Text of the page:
Friday, November 03, 2006

Dr. Wafa Sultan – One Brave Voice in A Sea of Hostility

Dr. Wafa Sultan threatened since her famous confrontation on Al-Jazeera: “We have not seen a single Jew protest by killing people. Only the Muslims defend their beliefs like that”.

On February 21, a confrontation took place on Al-Jazeera television between Dr Wafa Sultan and Ibrahim Al-Khuli, a professor of Islamic Studies from Egypt. The confrontation was on a program called “In the Opposite Direction” which was moderated by Faisal Al-Kassem, a Syrian Muslim exile. Since that time, Dr Sultan has changed from a largely unknown woman into an international sensation for her sparkling fresh message about Islam, Islamic terrorism, and that Islamic preaching leads to brutality. Eloquent and incisive, Sultan expressed a message that many before her have tried in vain to convey. The simplicity of what she said and the vehemence of her arguments powerfully affected her viewers, no one it seemed remained indifferent to what she had to say.

Since MEMRI’s (Middle East Media Research Institute) website published her interview, hundreds of thousands more people have watched the confrontation and thousands of reactions have been posted across the Internet supporting what she says. In February 2006, her message was broadcast on Israel’s Channel 10 in a report by Zvi Yehezkeli, which brought her to the notice of the Israeli public and gained her widespread public exposure. Yediot Ahronot (a popular Israeli daily) recently announced that Dr Sultan had been invited to address the conference of the American Jewish Congress to be held in Tel Aviv. The New York Times wrote that the conference is scheduled for May 2006/ 2007 in Tel Aviv. When interviewed by the Times following her last interview, Dr Sultan said that she is writing a book about Islam which “is going to turn the Islamic world upside down”.

Dr Sultan, age 47, is a Syrian-born psychiatrist, who lives in Los Angeles with her family. She was born in the city of Baniyas in Syria on the Mediterranean about two hours drive away from Beirut, Lebanon. Her life changed when she was a medical student in Aleppo University at the end of the 1970s. At that time, groups affiliated with the “Muslim Brotherhood” were waging a brutal terrorist campaign against Hafez al Assad’s regime and the Alawite community. In one operation, a group of Islamic terrorists burst into the University of Aleppo and murdered Sultan’s professor right in front of her. She recalls how they shot hundreds of bullets into his body shouting “God is great”. Her life changed at that moment, explains Dr Sultan, and she needed to search for another god for herself and her family. Only in 1989 did she receive a visa for the United States for herself her husband and her two children. Since then, another child has been born.

Beside to working as a psychiatrist, she has begun to write short political articles on Annaqed (“The Critic”) a website, which has attracted Syrian ex-pats mostly from Phoenix, Arizona. One article on the subject of the Muslim Brotherhood caught the eye of the editor of Al-Jazeera who invited her for a televised confrontation with an Algerian cleric in June 2005. Her blistering arguments against Islamic education, which preaches violence, sent shockwaves through the Arabic press and other forums. Her interview was picked up by many websites and one of them wrote the following: “Who needs Superwoman when we’ve got an Arab-American called Wafa Sultan?” But it was only after the confrontation in February 2006 that she achieved global fame and her message became a sensation in both Muslim countries and the West.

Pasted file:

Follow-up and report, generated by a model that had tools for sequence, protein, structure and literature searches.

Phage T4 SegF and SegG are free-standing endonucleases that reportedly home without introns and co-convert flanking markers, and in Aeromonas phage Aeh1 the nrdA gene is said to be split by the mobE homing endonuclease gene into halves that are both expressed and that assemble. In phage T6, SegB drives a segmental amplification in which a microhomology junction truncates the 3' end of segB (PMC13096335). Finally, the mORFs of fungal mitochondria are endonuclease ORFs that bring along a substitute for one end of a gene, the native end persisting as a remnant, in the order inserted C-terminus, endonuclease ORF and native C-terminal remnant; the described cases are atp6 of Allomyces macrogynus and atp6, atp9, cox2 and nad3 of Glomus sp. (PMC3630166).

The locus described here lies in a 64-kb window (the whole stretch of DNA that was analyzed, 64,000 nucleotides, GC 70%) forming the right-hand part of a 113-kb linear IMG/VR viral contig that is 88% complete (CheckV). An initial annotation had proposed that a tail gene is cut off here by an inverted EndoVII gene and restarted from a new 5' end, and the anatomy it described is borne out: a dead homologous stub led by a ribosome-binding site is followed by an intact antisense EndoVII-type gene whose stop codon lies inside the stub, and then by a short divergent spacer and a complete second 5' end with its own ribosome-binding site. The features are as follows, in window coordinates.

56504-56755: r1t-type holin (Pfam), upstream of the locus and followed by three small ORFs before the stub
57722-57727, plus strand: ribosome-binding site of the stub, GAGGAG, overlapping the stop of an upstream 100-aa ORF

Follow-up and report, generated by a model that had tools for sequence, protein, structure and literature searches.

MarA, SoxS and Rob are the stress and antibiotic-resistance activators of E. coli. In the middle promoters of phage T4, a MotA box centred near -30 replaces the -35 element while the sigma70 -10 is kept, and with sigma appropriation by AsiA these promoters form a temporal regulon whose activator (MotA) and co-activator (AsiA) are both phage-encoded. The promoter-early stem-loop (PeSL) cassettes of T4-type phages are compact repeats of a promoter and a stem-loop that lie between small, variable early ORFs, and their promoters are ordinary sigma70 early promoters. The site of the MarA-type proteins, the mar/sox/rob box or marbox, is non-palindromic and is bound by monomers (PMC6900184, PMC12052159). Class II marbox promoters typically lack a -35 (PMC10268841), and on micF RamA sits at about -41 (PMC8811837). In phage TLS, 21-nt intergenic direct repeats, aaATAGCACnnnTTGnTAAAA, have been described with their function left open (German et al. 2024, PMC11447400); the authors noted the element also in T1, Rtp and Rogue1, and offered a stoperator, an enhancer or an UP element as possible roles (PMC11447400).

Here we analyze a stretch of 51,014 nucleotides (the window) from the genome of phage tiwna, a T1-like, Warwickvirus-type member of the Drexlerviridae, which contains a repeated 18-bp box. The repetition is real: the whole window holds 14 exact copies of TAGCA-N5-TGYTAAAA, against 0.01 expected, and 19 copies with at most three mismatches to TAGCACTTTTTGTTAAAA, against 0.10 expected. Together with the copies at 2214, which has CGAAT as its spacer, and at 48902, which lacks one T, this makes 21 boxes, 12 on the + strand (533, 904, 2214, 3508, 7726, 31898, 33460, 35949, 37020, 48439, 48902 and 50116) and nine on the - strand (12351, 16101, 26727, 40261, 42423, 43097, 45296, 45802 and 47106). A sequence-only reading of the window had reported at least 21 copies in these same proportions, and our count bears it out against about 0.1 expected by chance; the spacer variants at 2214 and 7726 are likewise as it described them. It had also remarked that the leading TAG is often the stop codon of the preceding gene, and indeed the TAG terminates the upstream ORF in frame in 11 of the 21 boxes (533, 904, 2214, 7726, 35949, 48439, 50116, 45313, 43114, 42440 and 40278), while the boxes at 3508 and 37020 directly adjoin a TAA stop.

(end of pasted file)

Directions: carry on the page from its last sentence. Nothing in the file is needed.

In her last televised confrontation, Dr Sultan was condemned for being a heretic by Professor Ibrahim Al-Khuli, which gave the go ahead for a campaign of vilification and intimidation to the extent that several Syrian clerics have blasted her as a traitor to Islam. The main accusation is that she has caused more damage to Islam than the publication of the caricatures of Muhammad which sparked violent reactions in the Muslim world and the West.

But, what was it about her speech that prompted such an enthusiastic response on the one hand and drew down such fury and indignation from Muslim clerics on the other. One thing which angered the clerics was her comparison between the conduct of the Jews after the Holocaust and the behavior of Muslims today. As she argued in her clear ringing tones:
"The Jews have come from the tragedy and forced the world to respect them, with their knowledge, not with their terror; with their work, not with their crying and yelling. We have not seen a single Jew blow himself up in a German restaurant. We have not seen a single Jew destroy a church. We have not seen a single Jew protest by killing people. Only the Muslims defend their beliefs by burning down churches, killing people and destroying embassies. This path will not yield any results. The Muslims must ask themselves what they can do for humankind, before they demand that humankind respect them."

In an interview with the New York Times, Dr Sultan said that beside the tremendous support she has attracted there have also been many threats against her life. However, her main concern these days is for her family in Syria who are vulnerable to attacks because of her views, which were published in the Arabic media.
By: Dr. Yohai Sela, Omedia Magazine In English, November 2006.

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